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# How to Use the CONCATENATE Function in Excel

While working with Excel, we are able to join two or more text strings into one by using the CONCATENATE function.  This step by step tutorial will assist all levels of Excel users in the usage and syntax of the CONCATENATE function.

Figure 1. Final result:  Join text strings in Excel

## Syntax of the CONCATENATE Function

`=CONCATENATE(text1, [text2], ...)`

• text1 – a text that we want to join together with other text
• Only text1 is required; succeeding text arguments are optional

## Setting up the Data

Here we have three words “Jack”, “and” and “Jill” in cells B3, C3 and D3.  In cells F3 to F7, we want to join two or more words in cells B3, C3 and D3.  In column G, we will show the formulas we use for better understanding and comparison.

Figure 2. Sample data to join text strings in Excel

## Join text strings together in Excel

We can join up to 255 text strings together in Excel by using the CONCATENATE function, or by using the ampersand &”.  These two can be used in the same way, but the “&” considerably creates shorter formulas that are easier to read.

Below examples will show us how to join several text strings by using the CONCATENATE function, the ampersand ”&”, or a combination of both.   Let us follow these steps:

Step 1.  Select cell F3

Step 2.  Enter the formula: `=``CONCATENATE(B3,C3,D3)`

Step 3.  Press Enter

Step 4:  For the succeeding cells F4:F7, enter the following formulas:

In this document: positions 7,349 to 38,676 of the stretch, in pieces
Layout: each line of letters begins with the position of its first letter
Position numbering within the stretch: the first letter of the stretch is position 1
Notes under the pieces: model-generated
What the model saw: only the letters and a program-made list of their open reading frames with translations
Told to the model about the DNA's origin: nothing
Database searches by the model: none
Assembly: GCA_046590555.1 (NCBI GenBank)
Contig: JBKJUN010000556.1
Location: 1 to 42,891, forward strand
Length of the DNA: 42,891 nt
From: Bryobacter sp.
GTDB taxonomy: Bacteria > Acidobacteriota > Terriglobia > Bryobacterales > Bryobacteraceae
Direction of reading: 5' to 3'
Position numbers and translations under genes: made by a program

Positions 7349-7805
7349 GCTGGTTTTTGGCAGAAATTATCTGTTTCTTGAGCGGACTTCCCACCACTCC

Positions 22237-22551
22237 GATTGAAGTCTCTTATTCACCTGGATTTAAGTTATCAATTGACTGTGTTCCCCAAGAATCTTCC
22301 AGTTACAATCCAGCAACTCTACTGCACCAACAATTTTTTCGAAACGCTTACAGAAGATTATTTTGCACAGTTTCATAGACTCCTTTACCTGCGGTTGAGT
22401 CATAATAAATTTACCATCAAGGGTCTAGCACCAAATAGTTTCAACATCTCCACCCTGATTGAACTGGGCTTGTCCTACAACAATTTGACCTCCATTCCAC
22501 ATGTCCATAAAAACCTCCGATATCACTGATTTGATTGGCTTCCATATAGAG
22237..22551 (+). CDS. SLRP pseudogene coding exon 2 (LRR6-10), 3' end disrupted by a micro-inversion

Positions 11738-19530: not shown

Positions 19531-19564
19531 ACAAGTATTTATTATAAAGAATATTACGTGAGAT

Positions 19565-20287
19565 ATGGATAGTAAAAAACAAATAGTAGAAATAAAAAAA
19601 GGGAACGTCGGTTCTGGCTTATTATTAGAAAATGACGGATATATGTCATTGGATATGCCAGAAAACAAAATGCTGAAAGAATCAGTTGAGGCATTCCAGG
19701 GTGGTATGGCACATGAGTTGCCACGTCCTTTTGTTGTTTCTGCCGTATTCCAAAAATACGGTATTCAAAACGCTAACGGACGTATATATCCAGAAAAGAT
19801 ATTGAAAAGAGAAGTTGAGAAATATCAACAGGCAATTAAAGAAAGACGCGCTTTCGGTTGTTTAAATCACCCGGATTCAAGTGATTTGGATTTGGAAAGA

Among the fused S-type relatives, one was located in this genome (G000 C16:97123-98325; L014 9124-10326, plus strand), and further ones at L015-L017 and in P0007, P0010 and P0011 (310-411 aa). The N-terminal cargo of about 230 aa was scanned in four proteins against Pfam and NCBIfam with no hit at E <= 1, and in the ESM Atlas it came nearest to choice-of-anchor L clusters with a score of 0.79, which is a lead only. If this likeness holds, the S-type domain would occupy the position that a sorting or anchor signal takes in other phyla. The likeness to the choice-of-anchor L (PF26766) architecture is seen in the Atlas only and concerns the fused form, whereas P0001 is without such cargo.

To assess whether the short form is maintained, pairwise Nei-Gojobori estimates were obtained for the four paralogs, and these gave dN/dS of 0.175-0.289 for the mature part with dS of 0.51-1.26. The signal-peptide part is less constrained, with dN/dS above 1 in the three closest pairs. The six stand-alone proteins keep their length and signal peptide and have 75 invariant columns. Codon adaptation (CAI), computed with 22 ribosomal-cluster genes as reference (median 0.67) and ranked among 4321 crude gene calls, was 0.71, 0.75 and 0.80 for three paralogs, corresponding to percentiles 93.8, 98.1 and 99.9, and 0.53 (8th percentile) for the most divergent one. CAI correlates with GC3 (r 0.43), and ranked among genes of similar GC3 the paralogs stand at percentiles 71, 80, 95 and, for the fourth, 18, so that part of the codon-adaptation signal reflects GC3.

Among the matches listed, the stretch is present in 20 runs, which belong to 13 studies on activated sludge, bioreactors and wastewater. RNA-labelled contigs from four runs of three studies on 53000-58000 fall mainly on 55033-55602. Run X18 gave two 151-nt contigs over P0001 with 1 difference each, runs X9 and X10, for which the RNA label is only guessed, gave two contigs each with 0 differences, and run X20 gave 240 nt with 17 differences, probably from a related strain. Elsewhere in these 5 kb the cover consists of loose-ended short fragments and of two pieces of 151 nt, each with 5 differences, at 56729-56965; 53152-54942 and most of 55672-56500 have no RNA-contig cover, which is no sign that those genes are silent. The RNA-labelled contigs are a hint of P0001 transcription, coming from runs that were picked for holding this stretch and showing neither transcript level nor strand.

In F4 : `=``CONCATENATE(B3," ",C3," ",D3)`

In F5 : `=``CONCATENATE(B3&" "&C3&" "&D3)`

In F6 : `=B3``&" "&C3&" "&D3`

In F7 : `=B3``&", "&D3`

Figure 3. Entering the formula to concatenate or join text strings

In cell F3, we simply joined our three words without spaces in between, resulting to “JackandJill.”  In cell F4, we add spaces in between the words by adding the empty text string “ ”.  As a result, the joined text string in cell F4 is “Jack and Jill”.

In cell F5, we use the ampersand “&” instead of commas and come up with the same text string, “Jack and Jill”.

Cells F6 and F7 show us that we can do away with the CONCATENATE function entirely, and just use the ampersand “&” to join text strings.  In F7, we insert a comma in between Jack and Jill by adding the argument “, ”. As a result, the text string in cell F7 is “Jack, Jill”.

Now that we have learned about CONCATENATE and the ampersand “&”, we can join any number of text strings and add countless other characters to our formula, in order to obtain our desired result.

Most of the time, the problem you will need to solve will be more complex than a simple application of a formula or function. If you want to save hours of research and frustration, try our live Excelchat service! Our Excel Experts are available 24/7 to answer any Excel question you may have. We guarantee a connection within 30 seconds and a customized solution within 20 minutes.

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